The Acadia in Bimetal and Monometal variants will drop Sunday July 11th, 2021 10:00pm EST time.

Acadia Anodized (Monometal)
Material: Titanium
Width: 44.0mm
Diameter: 56.5mm 
Weight: 63.8g
Response: 19mm Luftpad
$315USD

Acadia Anodized BTM (Bimetal)
Material: Titanium
Width: 44.0mm
Diameter: 56.5mm 
Weight: 64.0g Response: 19mm Luftpad
$525USD
 



Leave a comment

Comments will be approved before showing up.


Also in Blog

Triple Zero 54SE - The 54mm Side Effect Variant
Triple Zero 54SE - The 54mm Side Effect Variant

September 25, 2022

It has been almost 4 months since my last post here. Nationals came and went, and being back in Toronto full time meant I could put my head down and focus on some projects. Over the summer I was able to get to see more friends by hosting more local meetups through various hobbies, yoyoing included. I know that when winter hits in Toronto, It's usually pretty horrible so trying to make the best of the weather we have now feels key.
2022 USA National Yoyo Contest
2022 USA National Yoyo Contest

July 02, 2022

After two and a half years of Covid restrictions and such, there was finally a yoyo contest I could go to. I knew a lot of my friends would go so I booked my tickets fairly quickly. I was definitely out of practice from flying all over - I actually almost missed my connecting flight due to a delay in my flight from Toronto. Luckily I made it. I didn't know what to expect since I figured people might still be hesitant to go out to an event this big. I was ready for it though.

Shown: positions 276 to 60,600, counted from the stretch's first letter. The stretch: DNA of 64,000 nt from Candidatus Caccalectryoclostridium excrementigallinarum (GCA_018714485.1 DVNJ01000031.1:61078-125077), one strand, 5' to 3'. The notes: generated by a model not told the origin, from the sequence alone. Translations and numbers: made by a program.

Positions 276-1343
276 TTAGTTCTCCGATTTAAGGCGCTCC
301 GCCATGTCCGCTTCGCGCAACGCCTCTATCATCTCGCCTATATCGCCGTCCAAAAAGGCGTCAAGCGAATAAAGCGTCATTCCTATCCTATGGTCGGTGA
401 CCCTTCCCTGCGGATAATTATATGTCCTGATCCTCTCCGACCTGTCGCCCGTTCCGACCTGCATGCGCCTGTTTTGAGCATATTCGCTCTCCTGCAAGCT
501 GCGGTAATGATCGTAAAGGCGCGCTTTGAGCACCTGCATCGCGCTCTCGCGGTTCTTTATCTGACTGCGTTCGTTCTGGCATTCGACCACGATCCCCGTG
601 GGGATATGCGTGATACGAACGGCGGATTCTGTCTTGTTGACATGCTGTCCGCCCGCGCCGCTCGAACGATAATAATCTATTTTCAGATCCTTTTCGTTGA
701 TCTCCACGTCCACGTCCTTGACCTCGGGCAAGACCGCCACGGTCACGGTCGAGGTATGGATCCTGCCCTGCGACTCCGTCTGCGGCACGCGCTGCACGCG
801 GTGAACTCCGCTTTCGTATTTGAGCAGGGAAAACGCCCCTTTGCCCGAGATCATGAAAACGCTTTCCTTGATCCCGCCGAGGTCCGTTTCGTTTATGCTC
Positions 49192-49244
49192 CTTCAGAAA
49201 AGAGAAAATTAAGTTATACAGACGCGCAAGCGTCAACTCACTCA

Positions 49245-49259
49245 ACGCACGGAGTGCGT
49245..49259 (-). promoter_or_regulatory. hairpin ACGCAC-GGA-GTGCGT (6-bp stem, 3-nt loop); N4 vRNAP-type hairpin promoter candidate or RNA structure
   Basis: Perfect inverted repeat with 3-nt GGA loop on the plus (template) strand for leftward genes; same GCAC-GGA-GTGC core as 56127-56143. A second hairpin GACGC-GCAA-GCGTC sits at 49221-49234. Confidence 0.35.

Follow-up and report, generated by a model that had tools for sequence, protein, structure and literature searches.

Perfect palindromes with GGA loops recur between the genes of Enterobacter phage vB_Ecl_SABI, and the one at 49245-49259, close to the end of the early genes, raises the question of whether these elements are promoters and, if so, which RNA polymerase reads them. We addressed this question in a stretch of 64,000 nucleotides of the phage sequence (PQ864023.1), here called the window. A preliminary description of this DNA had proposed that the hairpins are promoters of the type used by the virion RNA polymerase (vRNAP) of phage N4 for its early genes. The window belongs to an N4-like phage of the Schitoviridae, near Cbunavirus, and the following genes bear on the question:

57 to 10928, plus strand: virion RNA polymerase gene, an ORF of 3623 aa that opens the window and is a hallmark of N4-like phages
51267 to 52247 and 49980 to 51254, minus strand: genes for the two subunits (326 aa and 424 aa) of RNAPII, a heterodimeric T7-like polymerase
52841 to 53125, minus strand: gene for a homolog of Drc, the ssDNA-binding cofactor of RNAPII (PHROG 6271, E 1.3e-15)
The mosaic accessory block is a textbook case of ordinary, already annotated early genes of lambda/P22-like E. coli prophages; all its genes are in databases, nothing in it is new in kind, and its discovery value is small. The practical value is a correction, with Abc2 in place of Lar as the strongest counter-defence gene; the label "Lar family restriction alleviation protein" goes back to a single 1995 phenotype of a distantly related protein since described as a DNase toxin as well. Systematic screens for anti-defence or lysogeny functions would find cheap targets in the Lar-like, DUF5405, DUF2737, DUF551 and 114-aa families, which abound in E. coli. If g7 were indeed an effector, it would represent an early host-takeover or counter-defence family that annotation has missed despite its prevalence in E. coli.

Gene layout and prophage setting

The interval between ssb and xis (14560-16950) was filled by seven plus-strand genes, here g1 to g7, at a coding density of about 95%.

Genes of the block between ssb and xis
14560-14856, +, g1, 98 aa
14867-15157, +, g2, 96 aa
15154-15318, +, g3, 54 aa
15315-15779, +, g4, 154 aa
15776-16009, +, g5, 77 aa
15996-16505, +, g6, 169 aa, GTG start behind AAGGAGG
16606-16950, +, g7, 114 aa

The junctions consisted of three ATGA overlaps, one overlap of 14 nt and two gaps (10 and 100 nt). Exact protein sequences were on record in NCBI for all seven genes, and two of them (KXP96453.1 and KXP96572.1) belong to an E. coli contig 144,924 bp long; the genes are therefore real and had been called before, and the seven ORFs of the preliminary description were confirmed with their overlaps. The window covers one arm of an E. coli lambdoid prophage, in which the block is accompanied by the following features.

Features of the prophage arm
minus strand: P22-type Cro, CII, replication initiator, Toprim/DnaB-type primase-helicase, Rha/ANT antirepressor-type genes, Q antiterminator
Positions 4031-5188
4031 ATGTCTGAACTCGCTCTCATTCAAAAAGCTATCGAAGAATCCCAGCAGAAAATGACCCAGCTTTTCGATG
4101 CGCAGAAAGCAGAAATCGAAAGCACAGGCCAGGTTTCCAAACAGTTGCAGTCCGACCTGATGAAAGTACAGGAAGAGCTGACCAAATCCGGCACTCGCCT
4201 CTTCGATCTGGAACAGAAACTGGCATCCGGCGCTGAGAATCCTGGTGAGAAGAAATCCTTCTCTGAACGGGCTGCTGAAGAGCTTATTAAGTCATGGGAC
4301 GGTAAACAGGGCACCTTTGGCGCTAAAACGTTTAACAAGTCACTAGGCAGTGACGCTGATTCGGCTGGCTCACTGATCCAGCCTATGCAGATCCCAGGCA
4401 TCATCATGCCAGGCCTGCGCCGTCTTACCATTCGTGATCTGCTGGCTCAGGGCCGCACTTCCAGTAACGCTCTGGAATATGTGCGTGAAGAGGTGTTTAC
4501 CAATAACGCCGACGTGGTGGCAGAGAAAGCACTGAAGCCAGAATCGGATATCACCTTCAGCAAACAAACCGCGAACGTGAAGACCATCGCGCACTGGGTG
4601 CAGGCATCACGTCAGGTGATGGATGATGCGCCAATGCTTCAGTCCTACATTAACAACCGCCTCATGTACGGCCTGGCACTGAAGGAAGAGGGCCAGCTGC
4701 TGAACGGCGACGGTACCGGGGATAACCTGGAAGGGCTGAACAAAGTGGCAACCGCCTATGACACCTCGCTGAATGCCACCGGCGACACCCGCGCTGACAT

Triple Zero and Fulvia - Reimagined in Titanium & 7068
Triple Zero and Fulvia - Reimagined in Titanium & 7068

June 14, 2022

When I prototyped these designs for the first time, I wanted to explore something specific. There are two different design related journeys I will attempt to explain since they are a little bit different. Being a new project with different materials, it was a nice challenge to design in both titanium and 7068 aluminum. I didn't actually plan to release these at the same time - but it made sense due to delays and other exploratory reasons.